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Auto Balance

A system for detecting errors in color balance in white and black areas of the picture and
automatically adjusting the white and black levels of both the red and blue signals as needed
for correction.

Auto Light Range


The range of light, e.g., sunlight to moonlight, over which a TV camera is capable of
automatically operating at specified output.

Automatic Brightness Control


In display devices, the self-acting mechanism which controls brightness of the device as a
function of ambient light.

Automatic Frequency
An arrangement whereby the frequency of an oscillator is automatically maintained within
specified limits.

Automatic Gain Control


See AGC

Automatic Iris Lens


A lens that automatically adjusts the amount of light reaching the imager.

Automatic Light Control


The process by which the illumination incident upon the face of a pickup device is
automatically adjusted as a function of scene brightness.
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References

B
Back Porch
That portion of the composite picture signal which lies between the trailing edge of the
horizontal sync pulse and the trailing edge of the corresponding blanking pulse.

Bandwidth
The range of signal frequencies that a piece of audio or video equipment can encode or
decode; the difference between the limiting frequencies of a continuous frequency band.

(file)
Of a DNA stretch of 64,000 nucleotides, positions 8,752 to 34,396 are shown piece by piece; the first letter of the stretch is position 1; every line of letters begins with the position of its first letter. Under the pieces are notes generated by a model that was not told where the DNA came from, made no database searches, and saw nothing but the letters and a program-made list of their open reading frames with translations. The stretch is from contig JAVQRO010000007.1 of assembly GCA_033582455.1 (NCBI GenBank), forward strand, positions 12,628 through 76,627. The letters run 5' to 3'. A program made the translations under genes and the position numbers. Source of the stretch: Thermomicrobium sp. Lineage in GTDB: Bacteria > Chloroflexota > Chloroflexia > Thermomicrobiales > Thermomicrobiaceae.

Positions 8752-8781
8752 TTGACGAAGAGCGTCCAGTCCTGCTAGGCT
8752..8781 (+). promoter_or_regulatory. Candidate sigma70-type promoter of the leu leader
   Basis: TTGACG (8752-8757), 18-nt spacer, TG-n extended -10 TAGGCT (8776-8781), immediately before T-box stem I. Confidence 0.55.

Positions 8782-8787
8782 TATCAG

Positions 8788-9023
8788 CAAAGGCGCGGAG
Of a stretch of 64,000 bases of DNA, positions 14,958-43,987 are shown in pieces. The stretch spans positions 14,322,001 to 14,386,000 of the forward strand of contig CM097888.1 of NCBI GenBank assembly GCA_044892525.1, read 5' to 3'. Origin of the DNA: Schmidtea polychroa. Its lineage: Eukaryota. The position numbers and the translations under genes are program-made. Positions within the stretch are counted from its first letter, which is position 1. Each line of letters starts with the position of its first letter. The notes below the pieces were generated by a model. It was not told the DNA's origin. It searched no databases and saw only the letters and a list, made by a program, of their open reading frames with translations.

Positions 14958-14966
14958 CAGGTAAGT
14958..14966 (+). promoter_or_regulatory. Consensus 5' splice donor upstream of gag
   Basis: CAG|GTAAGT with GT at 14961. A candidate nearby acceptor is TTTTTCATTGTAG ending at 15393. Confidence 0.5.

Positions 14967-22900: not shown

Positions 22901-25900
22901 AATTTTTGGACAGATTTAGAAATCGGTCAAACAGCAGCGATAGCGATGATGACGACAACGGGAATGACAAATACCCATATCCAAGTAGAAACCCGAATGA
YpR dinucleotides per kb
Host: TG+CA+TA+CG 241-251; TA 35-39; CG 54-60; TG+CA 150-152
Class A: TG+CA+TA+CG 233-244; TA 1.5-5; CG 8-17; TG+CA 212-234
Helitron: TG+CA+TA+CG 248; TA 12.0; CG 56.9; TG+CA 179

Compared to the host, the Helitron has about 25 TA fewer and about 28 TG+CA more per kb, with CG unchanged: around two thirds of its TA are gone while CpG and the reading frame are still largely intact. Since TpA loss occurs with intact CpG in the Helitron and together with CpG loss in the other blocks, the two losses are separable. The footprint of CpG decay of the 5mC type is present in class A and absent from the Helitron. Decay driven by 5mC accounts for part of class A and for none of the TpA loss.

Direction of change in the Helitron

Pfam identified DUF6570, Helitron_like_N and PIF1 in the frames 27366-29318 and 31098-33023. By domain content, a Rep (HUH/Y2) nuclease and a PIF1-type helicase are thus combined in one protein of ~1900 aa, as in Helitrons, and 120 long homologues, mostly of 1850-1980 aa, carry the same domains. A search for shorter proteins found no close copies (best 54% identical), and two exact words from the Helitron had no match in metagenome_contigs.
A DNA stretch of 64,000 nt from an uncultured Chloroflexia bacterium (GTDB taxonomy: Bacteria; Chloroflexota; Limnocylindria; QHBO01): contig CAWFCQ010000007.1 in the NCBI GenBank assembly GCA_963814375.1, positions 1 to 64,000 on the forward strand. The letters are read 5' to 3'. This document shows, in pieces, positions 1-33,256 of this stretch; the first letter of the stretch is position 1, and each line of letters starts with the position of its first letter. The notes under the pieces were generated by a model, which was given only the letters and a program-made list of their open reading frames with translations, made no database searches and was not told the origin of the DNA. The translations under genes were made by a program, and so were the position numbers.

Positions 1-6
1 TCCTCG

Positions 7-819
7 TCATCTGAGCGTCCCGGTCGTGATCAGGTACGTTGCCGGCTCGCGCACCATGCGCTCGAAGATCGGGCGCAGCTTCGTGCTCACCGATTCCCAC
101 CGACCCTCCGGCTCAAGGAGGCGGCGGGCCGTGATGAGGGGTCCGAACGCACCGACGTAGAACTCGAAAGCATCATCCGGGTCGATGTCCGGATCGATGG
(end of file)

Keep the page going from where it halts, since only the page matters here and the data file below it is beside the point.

Video uses higher frequency than audio, thus requires a wider bandwidth.[2]

Bar Test Pattern (SMPTE)


Special test pattern for adjusting color TV receivers or color encoders. The upper portion
consists of vertical bars of saturated colors and white. The power horizontal bars have black
and white areas and I and Q signals.

Bit
Short for "Binary Digit". The smallest piece of binary digital data and is represented by either
0 or 1.

Bit Depth
The number of levels that a pixel might have, such as 256 with an 8-bit depth or 1024 with a
10-bit depth.[1]

Bit Rate
a) The rate at which the compressed bit stream is delivered from the storage medium to the
input of a decoder. The digital equivalent of analog bandwidth. b) The speed at which bits are

transmitted, usually expressed in bit/s (sometimes abbreviated "bps"). video information, in a


digitized image for example, is transferred, recorded, and reproduced through the production
process at some bit rate appropriate to the nature and capabilities of the origination, the
channel, and the receptor. c) The amount of data transported in a given amount of time,
usually defined in Mbit/s. Bit rate is one means used to define the amount of compression
used on a video signal. The uncompressed D1 format has a bit rate of 270 Mbit/s. MPEG-1
has a bit rate of 1.2 Mbit/s.[1]